This month I selected quotes I thought might inspire writers as we head into NaNoWriMo. The idea being to inspire you as you finish plotting out your upcoming story(s) and prepare for the chaos ahead. If you need a little more inspiration, check out the quotes from June 2023. Each quote was about first drafts. As you head into November, remember that you can’t outrun that first draft. Write. Write messy, write crazy, write your heart out. We’ll all have a messy first draft in the end.
Some may argue that writing isn’t art, but it’s a form of creativity and expressing yourself. I think writing can be art, just not in the traditional form. Either way, create your heart out, and don’t worry about the critics. Not every story is for every reader.
This little quote is on my vision board this year. A reminder as I slog through revisions, critiques, and several first drafts not to give up. To keep moving forward because my stories may be the one someone needs to hear one day.
This is another one that is on my writing vision board this year. This one reminds me I have what it takes to slog through all the different aspects of writing and revising. In this world of people turning to AI to work for them, it’s a gentle reminder I have the ability to accomplish my writing goals.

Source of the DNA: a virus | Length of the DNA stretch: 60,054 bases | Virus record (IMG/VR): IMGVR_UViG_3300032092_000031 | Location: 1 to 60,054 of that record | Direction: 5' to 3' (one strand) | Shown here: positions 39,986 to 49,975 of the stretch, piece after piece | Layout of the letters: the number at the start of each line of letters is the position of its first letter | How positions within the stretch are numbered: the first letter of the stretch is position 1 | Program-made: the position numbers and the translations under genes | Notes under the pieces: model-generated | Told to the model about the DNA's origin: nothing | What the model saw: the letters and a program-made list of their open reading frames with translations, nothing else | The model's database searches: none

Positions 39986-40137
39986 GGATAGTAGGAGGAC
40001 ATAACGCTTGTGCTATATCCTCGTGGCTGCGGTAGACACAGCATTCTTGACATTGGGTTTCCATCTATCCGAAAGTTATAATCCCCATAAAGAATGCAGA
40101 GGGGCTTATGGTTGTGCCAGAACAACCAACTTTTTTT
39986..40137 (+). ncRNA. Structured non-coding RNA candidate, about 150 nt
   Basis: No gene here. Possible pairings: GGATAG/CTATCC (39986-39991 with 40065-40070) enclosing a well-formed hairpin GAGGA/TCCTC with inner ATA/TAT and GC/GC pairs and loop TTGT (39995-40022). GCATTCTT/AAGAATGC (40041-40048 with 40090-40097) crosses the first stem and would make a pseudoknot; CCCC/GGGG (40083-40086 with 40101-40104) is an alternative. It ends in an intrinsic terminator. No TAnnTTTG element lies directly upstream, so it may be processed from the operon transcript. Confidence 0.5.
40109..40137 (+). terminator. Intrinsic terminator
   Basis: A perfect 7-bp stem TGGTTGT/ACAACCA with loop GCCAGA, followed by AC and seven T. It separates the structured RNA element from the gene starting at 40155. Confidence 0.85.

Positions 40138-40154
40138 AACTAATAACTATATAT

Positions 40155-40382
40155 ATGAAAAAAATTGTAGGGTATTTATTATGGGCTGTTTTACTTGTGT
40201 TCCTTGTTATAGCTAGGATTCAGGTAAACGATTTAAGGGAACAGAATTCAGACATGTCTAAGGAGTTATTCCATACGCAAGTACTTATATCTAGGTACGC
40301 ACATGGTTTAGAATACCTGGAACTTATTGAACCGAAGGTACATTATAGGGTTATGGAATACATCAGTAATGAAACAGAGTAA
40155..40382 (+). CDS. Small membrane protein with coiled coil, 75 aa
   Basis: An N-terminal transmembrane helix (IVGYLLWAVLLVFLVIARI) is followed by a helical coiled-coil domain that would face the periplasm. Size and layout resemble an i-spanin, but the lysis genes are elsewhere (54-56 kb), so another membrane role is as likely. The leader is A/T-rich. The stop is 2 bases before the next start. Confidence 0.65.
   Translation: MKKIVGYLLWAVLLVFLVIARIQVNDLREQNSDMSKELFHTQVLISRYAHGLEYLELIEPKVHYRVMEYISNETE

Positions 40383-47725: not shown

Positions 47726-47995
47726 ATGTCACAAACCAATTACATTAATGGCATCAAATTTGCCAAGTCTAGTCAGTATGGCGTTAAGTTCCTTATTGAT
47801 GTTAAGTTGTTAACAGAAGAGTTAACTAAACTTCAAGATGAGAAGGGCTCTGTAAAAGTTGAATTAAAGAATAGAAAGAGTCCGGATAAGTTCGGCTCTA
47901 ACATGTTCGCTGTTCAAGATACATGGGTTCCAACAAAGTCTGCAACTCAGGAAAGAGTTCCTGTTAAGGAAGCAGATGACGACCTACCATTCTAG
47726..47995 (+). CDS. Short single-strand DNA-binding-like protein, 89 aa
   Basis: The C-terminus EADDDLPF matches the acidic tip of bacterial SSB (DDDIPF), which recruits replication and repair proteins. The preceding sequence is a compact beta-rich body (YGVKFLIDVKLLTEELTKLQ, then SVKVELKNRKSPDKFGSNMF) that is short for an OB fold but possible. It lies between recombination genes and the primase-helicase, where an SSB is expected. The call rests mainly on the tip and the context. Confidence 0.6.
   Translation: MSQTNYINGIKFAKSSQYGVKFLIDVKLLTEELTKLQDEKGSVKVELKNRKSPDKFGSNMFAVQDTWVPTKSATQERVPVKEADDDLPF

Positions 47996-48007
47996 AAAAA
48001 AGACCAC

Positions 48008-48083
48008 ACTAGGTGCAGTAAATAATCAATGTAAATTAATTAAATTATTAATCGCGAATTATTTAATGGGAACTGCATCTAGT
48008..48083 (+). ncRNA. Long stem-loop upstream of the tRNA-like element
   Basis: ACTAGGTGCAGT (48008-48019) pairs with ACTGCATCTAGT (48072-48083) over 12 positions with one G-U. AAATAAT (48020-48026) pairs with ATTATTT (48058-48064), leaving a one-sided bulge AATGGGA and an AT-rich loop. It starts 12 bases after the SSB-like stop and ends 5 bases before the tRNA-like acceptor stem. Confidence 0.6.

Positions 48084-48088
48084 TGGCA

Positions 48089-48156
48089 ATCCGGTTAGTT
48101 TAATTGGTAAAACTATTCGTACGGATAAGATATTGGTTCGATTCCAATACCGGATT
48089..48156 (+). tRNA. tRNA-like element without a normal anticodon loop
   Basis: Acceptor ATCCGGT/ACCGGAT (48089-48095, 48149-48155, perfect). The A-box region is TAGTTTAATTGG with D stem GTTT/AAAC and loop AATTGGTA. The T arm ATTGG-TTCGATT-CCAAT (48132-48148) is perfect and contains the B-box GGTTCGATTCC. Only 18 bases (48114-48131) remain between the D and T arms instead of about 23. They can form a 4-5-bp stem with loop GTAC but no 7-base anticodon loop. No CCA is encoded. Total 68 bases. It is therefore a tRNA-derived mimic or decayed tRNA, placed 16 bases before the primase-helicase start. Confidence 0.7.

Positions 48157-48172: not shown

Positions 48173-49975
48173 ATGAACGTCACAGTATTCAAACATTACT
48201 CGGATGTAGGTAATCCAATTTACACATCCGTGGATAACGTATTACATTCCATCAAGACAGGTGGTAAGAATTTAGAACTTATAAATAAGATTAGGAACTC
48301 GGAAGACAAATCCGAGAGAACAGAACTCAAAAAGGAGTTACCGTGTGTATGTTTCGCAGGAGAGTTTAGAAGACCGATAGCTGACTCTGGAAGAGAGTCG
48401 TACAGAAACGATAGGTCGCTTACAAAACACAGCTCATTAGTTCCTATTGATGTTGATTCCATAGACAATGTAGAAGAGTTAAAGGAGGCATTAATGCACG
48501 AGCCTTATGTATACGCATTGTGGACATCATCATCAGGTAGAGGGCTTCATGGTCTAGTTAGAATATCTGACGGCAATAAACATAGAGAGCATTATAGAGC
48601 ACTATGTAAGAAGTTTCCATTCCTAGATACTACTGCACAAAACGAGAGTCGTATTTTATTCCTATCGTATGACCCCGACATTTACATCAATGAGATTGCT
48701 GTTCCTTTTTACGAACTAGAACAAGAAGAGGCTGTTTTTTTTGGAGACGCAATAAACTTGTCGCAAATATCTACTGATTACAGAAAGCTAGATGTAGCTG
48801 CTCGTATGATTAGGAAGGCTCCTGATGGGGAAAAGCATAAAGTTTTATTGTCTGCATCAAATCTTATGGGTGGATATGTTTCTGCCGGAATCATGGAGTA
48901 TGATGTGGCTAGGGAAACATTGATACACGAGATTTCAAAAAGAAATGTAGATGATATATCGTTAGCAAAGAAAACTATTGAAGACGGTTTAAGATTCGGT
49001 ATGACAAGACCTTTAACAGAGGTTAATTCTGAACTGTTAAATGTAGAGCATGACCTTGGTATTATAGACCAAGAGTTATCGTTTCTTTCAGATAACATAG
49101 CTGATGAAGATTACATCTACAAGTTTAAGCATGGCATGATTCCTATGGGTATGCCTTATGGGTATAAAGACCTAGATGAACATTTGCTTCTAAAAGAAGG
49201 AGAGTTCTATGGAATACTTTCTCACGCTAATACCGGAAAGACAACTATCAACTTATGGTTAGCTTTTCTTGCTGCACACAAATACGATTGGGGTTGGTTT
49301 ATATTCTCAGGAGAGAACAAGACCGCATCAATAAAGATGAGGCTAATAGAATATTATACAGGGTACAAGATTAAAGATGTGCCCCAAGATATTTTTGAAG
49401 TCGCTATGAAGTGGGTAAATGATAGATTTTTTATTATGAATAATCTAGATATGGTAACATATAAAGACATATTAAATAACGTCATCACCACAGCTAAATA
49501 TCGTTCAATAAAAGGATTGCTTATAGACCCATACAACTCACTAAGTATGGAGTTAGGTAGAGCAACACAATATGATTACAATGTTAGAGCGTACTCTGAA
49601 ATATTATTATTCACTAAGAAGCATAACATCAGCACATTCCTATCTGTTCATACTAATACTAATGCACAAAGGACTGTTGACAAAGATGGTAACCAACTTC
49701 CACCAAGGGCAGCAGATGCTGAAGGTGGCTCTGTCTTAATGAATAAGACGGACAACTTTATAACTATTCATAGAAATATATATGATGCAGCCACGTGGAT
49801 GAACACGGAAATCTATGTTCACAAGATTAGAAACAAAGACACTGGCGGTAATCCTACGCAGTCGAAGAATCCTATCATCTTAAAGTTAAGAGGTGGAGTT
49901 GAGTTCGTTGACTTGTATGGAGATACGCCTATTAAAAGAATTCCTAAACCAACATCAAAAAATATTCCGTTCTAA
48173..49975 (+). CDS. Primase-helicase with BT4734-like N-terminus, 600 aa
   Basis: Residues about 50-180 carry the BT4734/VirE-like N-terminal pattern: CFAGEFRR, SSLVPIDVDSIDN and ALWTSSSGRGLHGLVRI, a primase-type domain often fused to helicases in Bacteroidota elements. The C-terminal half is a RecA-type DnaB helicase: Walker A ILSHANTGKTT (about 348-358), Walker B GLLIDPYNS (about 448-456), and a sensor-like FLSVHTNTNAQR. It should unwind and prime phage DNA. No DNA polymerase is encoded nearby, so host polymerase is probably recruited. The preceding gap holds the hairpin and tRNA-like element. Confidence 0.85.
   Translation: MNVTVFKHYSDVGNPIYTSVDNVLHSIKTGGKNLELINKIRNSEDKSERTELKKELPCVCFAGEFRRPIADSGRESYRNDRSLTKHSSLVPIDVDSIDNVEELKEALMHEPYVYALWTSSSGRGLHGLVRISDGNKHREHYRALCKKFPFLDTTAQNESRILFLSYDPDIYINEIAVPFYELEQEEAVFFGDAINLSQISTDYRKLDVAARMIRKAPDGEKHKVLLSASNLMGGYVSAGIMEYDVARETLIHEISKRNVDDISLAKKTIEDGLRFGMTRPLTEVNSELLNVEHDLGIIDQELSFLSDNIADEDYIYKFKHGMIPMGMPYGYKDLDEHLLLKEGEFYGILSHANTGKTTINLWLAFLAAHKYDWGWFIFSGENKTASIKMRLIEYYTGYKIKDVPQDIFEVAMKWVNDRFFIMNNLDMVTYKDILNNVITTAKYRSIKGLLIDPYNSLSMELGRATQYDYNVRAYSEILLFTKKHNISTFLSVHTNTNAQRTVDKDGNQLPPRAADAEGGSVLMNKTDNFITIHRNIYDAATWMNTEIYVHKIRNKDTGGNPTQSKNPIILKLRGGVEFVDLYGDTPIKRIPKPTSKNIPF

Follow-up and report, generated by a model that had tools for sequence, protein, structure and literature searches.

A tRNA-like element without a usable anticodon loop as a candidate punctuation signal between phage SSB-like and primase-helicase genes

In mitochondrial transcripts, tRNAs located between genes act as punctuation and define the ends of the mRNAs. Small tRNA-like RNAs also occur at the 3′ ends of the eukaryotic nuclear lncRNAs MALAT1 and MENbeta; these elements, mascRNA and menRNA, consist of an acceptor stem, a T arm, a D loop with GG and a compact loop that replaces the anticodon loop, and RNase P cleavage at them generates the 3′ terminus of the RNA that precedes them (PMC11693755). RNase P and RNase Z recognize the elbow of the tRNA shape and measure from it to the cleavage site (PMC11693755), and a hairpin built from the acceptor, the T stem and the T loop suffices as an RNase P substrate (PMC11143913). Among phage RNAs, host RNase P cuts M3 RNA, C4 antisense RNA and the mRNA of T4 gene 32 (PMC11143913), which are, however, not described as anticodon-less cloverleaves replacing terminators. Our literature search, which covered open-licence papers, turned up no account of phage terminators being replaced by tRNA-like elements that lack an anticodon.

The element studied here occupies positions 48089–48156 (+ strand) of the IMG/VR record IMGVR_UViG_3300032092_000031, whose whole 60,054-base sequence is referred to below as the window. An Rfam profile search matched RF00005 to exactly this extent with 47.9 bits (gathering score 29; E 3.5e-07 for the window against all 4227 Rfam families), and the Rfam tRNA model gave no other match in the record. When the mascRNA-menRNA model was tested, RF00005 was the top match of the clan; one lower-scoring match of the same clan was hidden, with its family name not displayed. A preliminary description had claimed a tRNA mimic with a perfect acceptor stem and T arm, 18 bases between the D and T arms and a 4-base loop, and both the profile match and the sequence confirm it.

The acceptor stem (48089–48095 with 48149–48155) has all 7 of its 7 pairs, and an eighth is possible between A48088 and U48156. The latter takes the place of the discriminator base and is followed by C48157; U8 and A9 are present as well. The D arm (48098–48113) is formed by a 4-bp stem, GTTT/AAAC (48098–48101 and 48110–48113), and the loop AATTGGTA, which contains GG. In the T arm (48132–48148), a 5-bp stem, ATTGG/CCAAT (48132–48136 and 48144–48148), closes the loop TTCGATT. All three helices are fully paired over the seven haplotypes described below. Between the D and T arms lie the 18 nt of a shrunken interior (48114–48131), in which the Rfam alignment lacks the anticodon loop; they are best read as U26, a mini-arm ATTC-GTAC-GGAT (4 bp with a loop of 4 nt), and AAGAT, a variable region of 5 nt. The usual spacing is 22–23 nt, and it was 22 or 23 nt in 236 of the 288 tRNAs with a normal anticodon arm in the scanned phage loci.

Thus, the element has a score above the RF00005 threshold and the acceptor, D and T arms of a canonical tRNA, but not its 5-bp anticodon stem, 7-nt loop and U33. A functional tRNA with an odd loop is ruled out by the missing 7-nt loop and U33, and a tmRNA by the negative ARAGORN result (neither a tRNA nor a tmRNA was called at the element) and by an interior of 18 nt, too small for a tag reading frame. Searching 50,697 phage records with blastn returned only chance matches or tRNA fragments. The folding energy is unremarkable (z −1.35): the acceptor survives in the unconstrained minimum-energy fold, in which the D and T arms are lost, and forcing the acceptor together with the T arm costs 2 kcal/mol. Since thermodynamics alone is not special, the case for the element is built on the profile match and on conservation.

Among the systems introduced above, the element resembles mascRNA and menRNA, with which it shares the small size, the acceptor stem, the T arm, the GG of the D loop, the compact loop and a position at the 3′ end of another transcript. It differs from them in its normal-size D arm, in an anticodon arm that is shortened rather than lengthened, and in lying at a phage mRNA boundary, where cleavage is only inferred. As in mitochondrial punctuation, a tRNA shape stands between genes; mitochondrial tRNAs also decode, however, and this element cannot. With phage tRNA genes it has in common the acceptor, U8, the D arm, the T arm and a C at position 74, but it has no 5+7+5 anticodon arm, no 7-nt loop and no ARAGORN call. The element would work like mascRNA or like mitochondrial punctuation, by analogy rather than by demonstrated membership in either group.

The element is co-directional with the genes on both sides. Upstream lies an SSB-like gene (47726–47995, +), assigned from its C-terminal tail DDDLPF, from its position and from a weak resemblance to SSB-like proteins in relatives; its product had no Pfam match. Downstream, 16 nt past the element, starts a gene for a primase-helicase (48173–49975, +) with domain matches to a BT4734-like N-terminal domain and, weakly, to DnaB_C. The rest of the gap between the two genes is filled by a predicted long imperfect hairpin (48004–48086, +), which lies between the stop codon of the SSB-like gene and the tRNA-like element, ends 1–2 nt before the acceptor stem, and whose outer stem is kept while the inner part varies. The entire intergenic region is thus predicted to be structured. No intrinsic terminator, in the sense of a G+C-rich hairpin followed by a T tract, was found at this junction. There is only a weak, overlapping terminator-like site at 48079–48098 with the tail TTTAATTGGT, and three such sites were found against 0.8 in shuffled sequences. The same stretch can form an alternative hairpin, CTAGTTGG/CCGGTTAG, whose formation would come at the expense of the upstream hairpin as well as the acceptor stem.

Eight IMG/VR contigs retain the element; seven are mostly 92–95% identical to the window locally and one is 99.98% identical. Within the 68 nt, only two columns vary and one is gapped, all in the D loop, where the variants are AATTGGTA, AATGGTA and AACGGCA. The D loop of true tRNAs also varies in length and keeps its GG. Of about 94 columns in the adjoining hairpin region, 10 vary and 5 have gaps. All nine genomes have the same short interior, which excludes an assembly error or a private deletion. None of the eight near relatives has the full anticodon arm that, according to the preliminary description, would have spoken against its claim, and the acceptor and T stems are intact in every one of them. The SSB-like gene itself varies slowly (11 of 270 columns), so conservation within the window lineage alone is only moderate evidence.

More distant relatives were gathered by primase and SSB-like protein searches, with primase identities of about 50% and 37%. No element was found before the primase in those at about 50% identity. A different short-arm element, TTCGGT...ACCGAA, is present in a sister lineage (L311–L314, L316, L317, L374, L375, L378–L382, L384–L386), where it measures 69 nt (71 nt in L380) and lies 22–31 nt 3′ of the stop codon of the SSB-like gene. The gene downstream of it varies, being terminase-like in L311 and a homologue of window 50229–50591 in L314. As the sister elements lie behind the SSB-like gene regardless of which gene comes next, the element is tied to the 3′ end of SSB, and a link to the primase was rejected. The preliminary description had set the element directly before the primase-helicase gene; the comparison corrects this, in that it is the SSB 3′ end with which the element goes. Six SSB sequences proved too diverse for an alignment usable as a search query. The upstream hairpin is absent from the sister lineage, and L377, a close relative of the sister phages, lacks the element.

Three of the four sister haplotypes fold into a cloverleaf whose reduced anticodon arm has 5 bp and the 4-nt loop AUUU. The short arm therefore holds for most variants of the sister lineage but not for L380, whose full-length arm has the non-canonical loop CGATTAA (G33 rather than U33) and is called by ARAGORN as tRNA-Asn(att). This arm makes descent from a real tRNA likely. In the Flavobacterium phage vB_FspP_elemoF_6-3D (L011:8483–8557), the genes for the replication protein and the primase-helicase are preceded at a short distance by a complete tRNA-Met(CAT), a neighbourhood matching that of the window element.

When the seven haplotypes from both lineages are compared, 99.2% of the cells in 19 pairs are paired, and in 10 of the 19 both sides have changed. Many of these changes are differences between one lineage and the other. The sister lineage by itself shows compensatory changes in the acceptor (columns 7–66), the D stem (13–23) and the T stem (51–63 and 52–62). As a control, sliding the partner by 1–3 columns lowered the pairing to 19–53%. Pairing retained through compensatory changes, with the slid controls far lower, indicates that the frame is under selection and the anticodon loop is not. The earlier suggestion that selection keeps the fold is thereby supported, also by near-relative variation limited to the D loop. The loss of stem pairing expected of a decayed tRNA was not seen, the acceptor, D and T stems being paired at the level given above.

Here’s the thing, everyone who writes has an inner critic. Sometimes the critic stays buried or pushed to the side, opening the gateway for creativity and peace. Often resulting in a writing session where you accomplish far more than you expected, but there are days when the critic voices its opinions loud and clear. There seems to be this point somewhere along the third or fourth round of revisions I’m doing on a manuscript where my critic appears and lays out its opinion on how what I’ve written it a steaming pile of hot garbage. This quote, for me, is a reminder that my critic’s opinion doesn’t lend itself to the purpose I had in mind when I wrote the story.
There’s nothing wrong with writing aloud before committing it to paper. Most nights, as I drift off, I’m working out a scene in my head. I view it from each character’s perspective, noticing their body language, their voices, the scenery. Sometimes those scenes become so real to me I need to be reminded to write things out in more detail. I love how this sums up much of the way I write.
I once attended a writing conference where one speaker said, “Look, there’s no shame in going into the closet, closing the door, and acting out your entire scene. I mean, you could do it in the middle of the living room, but in the closet there’s less of a chance someone will notice.”
Although we all laughed, most of us raised our hands when he asked who acts or thinks out their scenes before writing.
I’ve honestly never forgotten that chat. I can’t tell you who it was, or even what he looked like, but I remember the moment I realized I wasn’t crazy. Realizing I was amongst people who understood the things that other people viewed as weird quirks.
If you don’t write this way, there’s nothing wrong with that either. I have times when I don’t work through scenes before I commit them to paper. It might take more revisions to get the final product, it might not. Other times I’ll have worked through a scene and be writing it down when out of nowhere an entirely new scene springs to life and I’m able to write it without having to pause and work my way through it.
There’s no one right way to write. Find what works for you, and ignore the rest.